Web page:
“As well as our grow your own policy, the team has undertaken a significant amount of training since I got here, from law and contracting to facilities management, Insurance, M&E and EU procurement regulations. We’ve increased people’s knowledge. I’m a great believer that whatever’s in your head shouldn’t stay there, it should be shared. I want everyone to have the same knowledge at the same time. It’s important everyone knows they’re valued and there are no barriers to bringing good ideas to the business. If anyone thinks they know a better way, they can tell us, and we’ll action it.”

Although Pat encourages his team at CPC to study for professional qualifications, he knows they’re not compulsory for success: “There are probably plenty of people without CIPS qualifications doing a fantastic job. But I know studying gives you a greater strategic understanding and helps to improve your business communication skills. When I’m interviewing, I put MCIPS qualified or being prepared to study for MCIPS as a requirement because I know it will stand employees in great stead for their future. There is a shortage of procurement professionals in the UK, so if we equip the ones we do have, that can only be a good thing.

Key skills

“I’d say the key skills for success in procurement are adaptability, attention to detail, commercial acumen, empathy, a desire to continuously learn and a willingness to stick your head above the parapet. I’ve always volunteered to do things even if I didn’t know a lot about them. It’s another learning opportunity after all”

“I encourage the team to read around different subjects in a wider business context, to be commercial and understand the terminology that we deal with. It’s important to know about our marketplace and all the stakeholders we deal with.”

“I also like the team to get out of the office with colleagues from our sister company Tenet Education Services and meet members face to face in the colleges. They’ve said this is really useful as it’s helping them learn. I think you have to visit your customers and see your work come to life. It’s fantastic to see a new IT suite all set up thanks to our involvement in producing a framework contract for our members. The job involves much more than sitting at a desk all day.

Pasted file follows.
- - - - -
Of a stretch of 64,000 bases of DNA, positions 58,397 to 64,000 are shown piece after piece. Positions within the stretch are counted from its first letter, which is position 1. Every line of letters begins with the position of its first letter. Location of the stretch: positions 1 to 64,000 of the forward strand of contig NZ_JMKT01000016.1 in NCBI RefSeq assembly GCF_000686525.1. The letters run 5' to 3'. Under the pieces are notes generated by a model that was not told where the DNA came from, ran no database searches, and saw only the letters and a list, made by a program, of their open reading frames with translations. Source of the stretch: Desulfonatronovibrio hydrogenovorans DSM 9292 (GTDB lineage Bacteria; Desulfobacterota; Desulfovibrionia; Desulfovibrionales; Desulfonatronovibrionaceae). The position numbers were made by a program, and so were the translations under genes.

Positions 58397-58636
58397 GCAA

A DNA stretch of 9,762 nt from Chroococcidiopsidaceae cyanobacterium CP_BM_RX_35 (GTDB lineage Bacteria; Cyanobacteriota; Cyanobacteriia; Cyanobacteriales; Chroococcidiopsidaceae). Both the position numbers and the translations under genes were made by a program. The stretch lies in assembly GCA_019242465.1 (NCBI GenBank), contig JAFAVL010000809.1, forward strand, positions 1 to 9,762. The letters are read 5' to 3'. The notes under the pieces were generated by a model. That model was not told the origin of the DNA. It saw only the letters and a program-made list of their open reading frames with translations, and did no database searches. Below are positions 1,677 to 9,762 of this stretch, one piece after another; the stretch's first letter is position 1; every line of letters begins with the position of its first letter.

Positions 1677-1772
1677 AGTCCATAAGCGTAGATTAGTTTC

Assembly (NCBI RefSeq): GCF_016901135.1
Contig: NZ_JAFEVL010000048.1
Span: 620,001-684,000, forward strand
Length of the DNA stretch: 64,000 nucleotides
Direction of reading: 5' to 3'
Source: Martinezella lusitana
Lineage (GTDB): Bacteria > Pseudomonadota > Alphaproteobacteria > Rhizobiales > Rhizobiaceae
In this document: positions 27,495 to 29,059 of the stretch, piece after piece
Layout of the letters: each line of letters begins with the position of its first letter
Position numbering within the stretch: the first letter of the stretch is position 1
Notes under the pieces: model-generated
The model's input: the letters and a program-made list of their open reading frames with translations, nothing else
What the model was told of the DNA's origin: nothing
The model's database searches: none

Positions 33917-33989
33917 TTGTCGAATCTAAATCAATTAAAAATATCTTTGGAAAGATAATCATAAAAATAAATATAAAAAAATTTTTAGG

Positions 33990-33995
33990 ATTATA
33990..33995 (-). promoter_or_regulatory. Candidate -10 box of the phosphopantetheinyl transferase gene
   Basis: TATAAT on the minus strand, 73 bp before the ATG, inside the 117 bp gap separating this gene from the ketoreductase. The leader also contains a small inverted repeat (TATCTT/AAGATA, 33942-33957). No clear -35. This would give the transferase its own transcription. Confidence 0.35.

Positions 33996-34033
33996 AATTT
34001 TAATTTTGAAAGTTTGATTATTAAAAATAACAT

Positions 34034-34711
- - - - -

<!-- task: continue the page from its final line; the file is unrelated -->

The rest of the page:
Key turning points

“One of my key turning points was a manager telling me in my late 20’s that whatever career path I wanted to go down, to get it done and qualified by the age of 35. He believed you could build from there up into your early 50s. I was qualified by 35 and then I went up and up, so I think I really took that advice on board.

“If I was advising my younger self, I’d say get professionally qualified as soon as you can, and an apprenticeship in procurement may prove to be a great career path to choose as ultimately if you’re committed and able, the path to MCIPS can open up rapidly. I flitted from job to job with no idea what I wanted to do for about 12 years. It was only when I was 30 and working at the college that my career really started. If I had someone mentoring me at 20 it may have been different.

Mentors

“I’ve probably got two mentors who stand out. My manager, Derek Lloyd in an envelope manufacturing plant, who made me do all my production calculations by hand. For a whole year he made me write everything on paper, even though there was a computer. I thought he was being evil in the extreme, but I realised later on he was teaching me about attention to detail (there was a lot of red pen used on my paperwork for a while). It’s held me in such good stead working with procurement documentation (especially EU regulations), contracts and legal work and dealing with insurance claims.

“My other mentor would be my former boss at the college, Anne Edington. When she was promoted to FD, she told me that I was in charge of procurement and to go away and do it. She gave me the freedom to grow and she’s the reason I’m here, doing this today.”